Johnson Hall State Historic Site

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Johnson Hall
Johnson Hall, Johnstown, NY.jpg
Johnson Hall State Historic Site, 2006
Johnson Hall State Historic Site is located in New York
Johnson Hall State Historic Site
Johnson Hall State Historic Site is located in the United States
Johnson Hall State Historic Site
LocationJohnstown, New York
Coordinates43°0′54″N 74°22′58″W / 43.01500°N 74.38278°W / 43.01500; -74.38278Coordinates: 43°0′54″N 74°22′58″W / 43.01500°N 74.38278°W / 43.01500; -74.38278
ArchitectPeter Harrison (1716-1775)
Architectural styleGeorgian
NRHP reference #66000520
Significant dates
Added to NRHPOctober 15, 1966[1]
Designated NHLOctober 9, 1960[2]

Johnson Hall State Historic Site was the home of Sir William Johnson (1715–1774) an Irish pioneer who became the influential British Superintendent of Indian Affairs in the Province of New York, known for his strong relationship especially with the Mohawk and other Iroquois League nations.

Johnson Hall is located at Hall Avenue, West State Street and Johnson Avenue, in Johnstown, New York.


Early-20th century painting of an older event at Johnson Hall
The same site in 1940 shown in 1903 painting

The house was built seven miles from the Mohawk River, close to Hall Creek.[3] Hall Creek provided water sufficient to power a sawmill and later a grist mill. Built of wood, the house frame was covered with wood planks intended to simulate stone. Johnson engaged leading colonial architect Peter Harrison (1716-1775) to design the house; he hired the carpenter, Samuel Fuller, to build it.[4] At least some of the ideas for the house came from the Builders' Companion magazine. Johnson also had two block houses built as defenses against attack on the frontier, as the British had just ended the Seven Years' War with the French.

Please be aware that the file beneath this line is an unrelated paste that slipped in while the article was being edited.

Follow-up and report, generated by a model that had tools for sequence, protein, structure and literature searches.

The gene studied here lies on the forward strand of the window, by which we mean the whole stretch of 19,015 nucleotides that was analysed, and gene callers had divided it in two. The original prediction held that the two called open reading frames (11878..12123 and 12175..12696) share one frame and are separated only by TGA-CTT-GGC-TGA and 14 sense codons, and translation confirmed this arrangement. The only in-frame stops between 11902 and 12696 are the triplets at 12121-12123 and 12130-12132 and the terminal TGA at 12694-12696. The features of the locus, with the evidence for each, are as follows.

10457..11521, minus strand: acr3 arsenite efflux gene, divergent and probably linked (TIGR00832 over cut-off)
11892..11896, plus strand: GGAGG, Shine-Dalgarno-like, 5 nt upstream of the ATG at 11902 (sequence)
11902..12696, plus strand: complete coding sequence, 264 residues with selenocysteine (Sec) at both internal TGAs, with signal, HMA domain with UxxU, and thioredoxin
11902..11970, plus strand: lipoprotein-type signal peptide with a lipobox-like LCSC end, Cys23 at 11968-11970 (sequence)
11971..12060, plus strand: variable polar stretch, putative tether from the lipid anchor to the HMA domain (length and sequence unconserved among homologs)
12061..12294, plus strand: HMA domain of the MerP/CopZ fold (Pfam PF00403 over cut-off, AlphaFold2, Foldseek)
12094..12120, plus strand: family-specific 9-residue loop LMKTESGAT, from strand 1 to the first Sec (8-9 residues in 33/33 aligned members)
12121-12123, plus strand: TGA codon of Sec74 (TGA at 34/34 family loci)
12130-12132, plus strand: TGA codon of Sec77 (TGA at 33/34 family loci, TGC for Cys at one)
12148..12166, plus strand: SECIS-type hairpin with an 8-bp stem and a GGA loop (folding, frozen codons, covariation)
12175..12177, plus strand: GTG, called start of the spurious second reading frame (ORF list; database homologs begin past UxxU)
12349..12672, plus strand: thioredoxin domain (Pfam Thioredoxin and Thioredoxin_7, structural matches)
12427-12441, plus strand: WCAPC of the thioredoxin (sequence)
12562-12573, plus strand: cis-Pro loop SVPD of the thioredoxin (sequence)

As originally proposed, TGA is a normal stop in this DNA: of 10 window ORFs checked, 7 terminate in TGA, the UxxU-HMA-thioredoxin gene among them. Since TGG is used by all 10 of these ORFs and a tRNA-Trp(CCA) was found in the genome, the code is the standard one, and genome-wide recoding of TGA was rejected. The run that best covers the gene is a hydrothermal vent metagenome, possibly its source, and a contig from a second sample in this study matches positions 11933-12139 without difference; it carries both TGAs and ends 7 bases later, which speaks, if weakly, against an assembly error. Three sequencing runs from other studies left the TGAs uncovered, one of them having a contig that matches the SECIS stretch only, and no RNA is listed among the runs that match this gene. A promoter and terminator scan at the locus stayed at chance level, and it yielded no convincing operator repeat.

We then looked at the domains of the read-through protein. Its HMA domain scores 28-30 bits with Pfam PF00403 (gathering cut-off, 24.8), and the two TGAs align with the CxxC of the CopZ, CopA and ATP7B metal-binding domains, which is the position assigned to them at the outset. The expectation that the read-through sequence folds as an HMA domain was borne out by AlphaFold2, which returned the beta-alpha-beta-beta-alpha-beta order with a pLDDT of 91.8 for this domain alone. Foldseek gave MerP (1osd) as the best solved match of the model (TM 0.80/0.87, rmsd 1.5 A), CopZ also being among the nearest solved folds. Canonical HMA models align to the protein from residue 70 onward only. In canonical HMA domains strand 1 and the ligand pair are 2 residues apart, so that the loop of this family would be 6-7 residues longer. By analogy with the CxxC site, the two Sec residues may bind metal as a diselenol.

Johnson founded Johnstown, New York, and came to own a 400,000-acre (160,000 ha) estate. Johnson moved here from Old Fort Johnson in 1763 and lived here until he died in 1774. The house was inherited by his son, John Johnson. During the American Revolution, the rebel government in New York seized Johnson Hall because the Johnsons had gone to Canada as Loyalists. In 1779 the state sold the house to Silas Talbot, a migrant from New England.[5]

It was used as a private residence by various owners until 1906, when the state bought it for preservation and interpretation as a house museum of the most important colonial landowner in the state. It received restoration in the early twentieth century and in the 1950s, to remove additions of the late nineteenth century and better reflect its original time. The historic site includes more than 18 acres of land.[5]

Johnson Hall State Historic Site, August 2005

The house was declared a National Historic Landmark in 1960.[2][5]

See also[edit]


  1. ^ "National Register Information System". National Register of Historic Places. National Park Service. January 23, 2007.
  2. ^ a b "Johnson Hall". National Historic Landmark summary listing. National Park Service. Archived from the original on 2011-06-05. Retrieved 2007-11-16.
  3. ^ Pownall, Thomas (1776). A Topographical Description of Such Parts of North America as are Contained in the (annexed) Map of the Middle British Colonies & in North America. J. Almon. p. 11.
  4. ^ Hamilton, Milton W. (1976). Sir William Johnson: Colonial American, 1715–1763. Port Washington, New York: Kennikat Press. p. 313. ISBN 0-8046-9134-7.
  5. ^ a b c Charles H. Ashton and Richard W. Hunter (October 15, 1984). "National Register of Historic Places Inventory-Nomination: Johnson Hall National Historic Landmark" (pdf). National Park Service. Cite journal requires |journal= (help) and Accompanying 14 photos, exterior and interior, from 1984. (2.96 MB)

External links[edit]